Motivations for eigenvalues/vectors

  • Thread starter eckiller
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In summary, the motivation for eigenvalues/vectors is to compute A^k * x. This can be done by writing A as C*D*C^-1, where A^k = C * D^k * C^-1 and D^k is easy to compute. C^-1 and C can be thought of as change of coordinate matrices, where C^-1 takes vectors from a given basis to the basis of eigenvectors and C takes them back. The given basis is the basis in which A is written, and the eigenvector basis is the one consisting of eigenvectors for A. A matrix can only be diagonalized if there exists a basis consisting entirely of its eigenvectors. This basis is not explicitly stated
  • #1
eckiller
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Hi,

I understand one of the motivations for eigenvalues/vectors is when you need
to compute A^k * x. So we like to write,

A = C*D*C^-1 and then A^k = C * D^k * C^-1, and D^k is trivial to compute.

My professor said C^-1 and C can be though of as change of coordinate
matrices. But from which basis? For example, C^-1 would take me from
*some* basis to the basis of eigenvectors. But what is this *some* basis?

Is it assumed that everything is coordinitized relative to some basis B in
R^n. And then I want to change to the basis of eigenvectors B'?
 
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  • #2
Short answer: Yes.

A is the matrix of a transformation wrt some basis B. D is the matrix of the same transformation wrt the eigenbasis B'. [itex]C^{-1}[/itex] takes vectors from B to B', and C takes vectors back from B' to B.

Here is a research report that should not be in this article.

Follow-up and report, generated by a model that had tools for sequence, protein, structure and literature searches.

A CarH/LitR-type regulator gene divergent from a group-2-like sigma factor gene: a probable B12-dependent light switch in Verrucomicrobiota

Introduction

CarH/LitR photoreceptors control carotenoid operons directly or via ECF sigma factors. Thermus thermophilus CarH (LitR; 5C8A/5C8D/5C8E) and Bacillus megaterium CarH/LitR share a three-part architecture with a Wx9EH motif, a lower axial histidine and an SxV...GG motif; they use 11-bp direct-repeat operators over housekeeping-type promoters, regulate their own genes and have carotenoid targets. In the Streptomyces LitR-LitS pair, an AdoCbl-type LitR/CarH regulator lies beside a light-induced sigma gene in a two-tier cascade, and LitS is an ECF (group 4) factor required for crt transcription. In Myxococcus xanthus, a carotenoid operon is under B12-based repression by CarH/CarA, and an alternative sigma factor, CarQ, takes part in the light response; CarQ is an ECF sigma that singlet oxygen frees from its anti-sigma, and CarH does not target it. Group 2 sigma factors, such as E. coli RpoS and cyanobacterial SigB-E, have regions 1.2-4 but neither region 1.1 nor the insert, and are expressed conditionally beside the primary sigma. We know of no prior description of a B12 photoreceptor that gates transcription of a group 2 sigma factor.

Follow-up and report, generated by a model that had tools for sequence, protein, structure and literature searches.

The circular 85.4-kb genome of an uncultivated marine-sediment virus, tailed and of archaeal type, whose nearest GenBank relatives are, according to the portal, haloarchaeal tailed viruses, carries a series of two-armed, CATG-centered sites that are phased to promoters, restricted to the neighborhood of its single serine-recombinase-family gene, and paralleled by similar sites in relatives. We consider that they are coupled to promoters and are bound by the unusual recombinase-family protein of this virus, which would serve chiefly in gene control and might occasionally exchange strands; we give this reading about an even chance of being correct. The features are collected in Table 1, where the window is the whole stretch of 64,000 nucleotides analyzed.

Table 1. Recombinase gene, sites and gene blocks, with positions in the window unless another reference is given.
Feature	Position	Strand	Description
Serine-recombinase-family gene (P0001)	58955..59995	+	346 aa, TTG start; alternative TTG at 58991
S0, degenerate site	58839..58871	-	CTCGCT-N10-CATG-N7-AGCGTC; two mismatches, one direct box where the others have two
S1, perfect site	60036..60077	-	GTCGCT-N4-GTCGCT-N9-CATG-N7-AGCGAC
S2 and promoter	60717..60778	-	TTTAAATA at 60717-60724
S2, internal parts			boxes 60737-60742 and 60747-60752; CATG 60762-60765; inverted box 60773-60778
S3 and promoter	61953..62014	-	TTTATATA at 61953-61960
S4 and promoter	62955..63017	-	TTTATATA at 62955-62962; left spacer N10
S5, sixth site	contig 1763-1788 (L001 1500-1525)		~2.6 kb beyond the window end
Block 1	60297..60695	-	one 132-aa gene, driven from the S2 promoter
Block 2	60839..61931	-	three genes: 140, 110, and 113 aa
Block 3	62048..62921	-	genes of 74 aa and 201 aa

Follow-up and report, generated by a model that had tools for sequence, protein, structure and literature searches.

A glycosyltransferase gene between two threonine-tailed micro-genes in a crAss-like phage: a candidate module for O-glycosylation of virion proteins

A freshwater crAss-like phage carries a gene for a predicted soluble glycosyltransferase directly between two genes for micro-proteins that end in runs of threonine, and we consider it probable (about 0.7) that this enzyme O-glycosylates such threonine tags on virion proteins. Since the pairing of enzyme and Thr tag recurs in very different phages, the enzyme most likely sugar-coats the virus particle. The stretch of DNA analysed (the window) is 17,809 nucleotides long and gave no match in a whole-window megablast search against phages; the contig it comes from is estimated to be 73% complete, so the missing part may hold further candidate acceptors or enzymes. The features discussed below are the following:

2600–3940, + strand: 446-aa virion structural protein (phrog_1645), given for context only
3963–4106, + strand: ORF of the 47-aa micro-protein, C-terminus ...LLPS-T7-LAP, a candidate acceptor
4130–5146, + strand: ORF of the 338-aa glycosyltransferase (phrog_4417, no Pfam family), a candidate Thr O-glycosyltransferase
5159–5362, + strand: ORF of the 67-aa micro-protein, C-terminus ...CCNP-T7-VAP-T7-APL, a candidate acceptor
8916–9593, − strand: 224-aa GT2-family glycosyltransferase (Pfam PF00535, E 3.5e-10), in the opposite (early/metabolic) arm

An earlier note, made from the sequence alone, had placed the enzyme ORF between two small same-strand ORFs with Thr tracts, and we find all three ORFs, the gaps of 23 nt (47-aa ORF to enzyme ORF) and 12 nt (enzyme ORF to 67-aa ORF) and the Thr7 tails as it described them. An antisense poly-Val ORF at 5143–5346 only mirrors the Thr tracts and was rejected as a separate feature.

• #3
A general linear transformation can be written as a matrix in a given basis. If all you are given is the matrix, then the corresponding "given basis" is <1, 0,...>, <0,1,...> , etc. The basis you are changing to is the basis consisting of the eigenvectors for the matrix A.

(A matrix can be diagonalized if and only if there exist a basis consisting entirely of eigenvectors of the matrix.)
 
  • #4
Thanks for clearing that up. I wish both of my linear algebra textbooks made it clear which basis we were in.
 
  • #5
But it obviously goes from whatever basis A is written with respect to, and it doesn't matter what that basis is, which is why the book didn't state it.
 

1. What are eigenvalues and eigenvectors?

Eigenvalues and eigenvectors are concepts in linear algebra that are used to describe the behavior of a linear transformation on a vector space. Eigenvalues represent the scaling factor of the eigenvector when it is transformed by the linear transformation.

2. Why are eigenvalues and eigenvectors important?

Eigenvalues and eigenvectors are important because they provide valuable information about the properties of a linear transformation. They can be used to analyze the behavior and stability of a system, and are also essential in many applications in physics and engineering.

3. What are some motivations for studying eigenvalues and eigenvectors?

One motivation for studying eigenvalues and eigenvectors is their usefulness in solving systems of linear equations. They can also be used to describe the behavior of dynamical systems, such as in population dynamics or chemical reactions. Additionally, eigenvalues and eigenvectors are important in fields like quantum mechanics, computer graphics, and signal processing.

4. How do you calculate eigenvalues and eigenvectors?

The process of finding eigenvalues and eigenvectors involves solving a system of linear equations. This can be done by finding the characteristic polynomial of the matrix, setting it equal to zero, and solving for the roots. The eigenvectors can then be found by plugging in the eigenvalues into the system of equations.

5. Can eigenvalues and eigenvectors have complex values?

Yes, eigenvalues and eigenvectors can have complex values. In fact, in some cases, complex eigenvalues can provide more information about the system than real eigenvalues. Complex eigenvectors are also commonly used in applications such as quantum mechanics.

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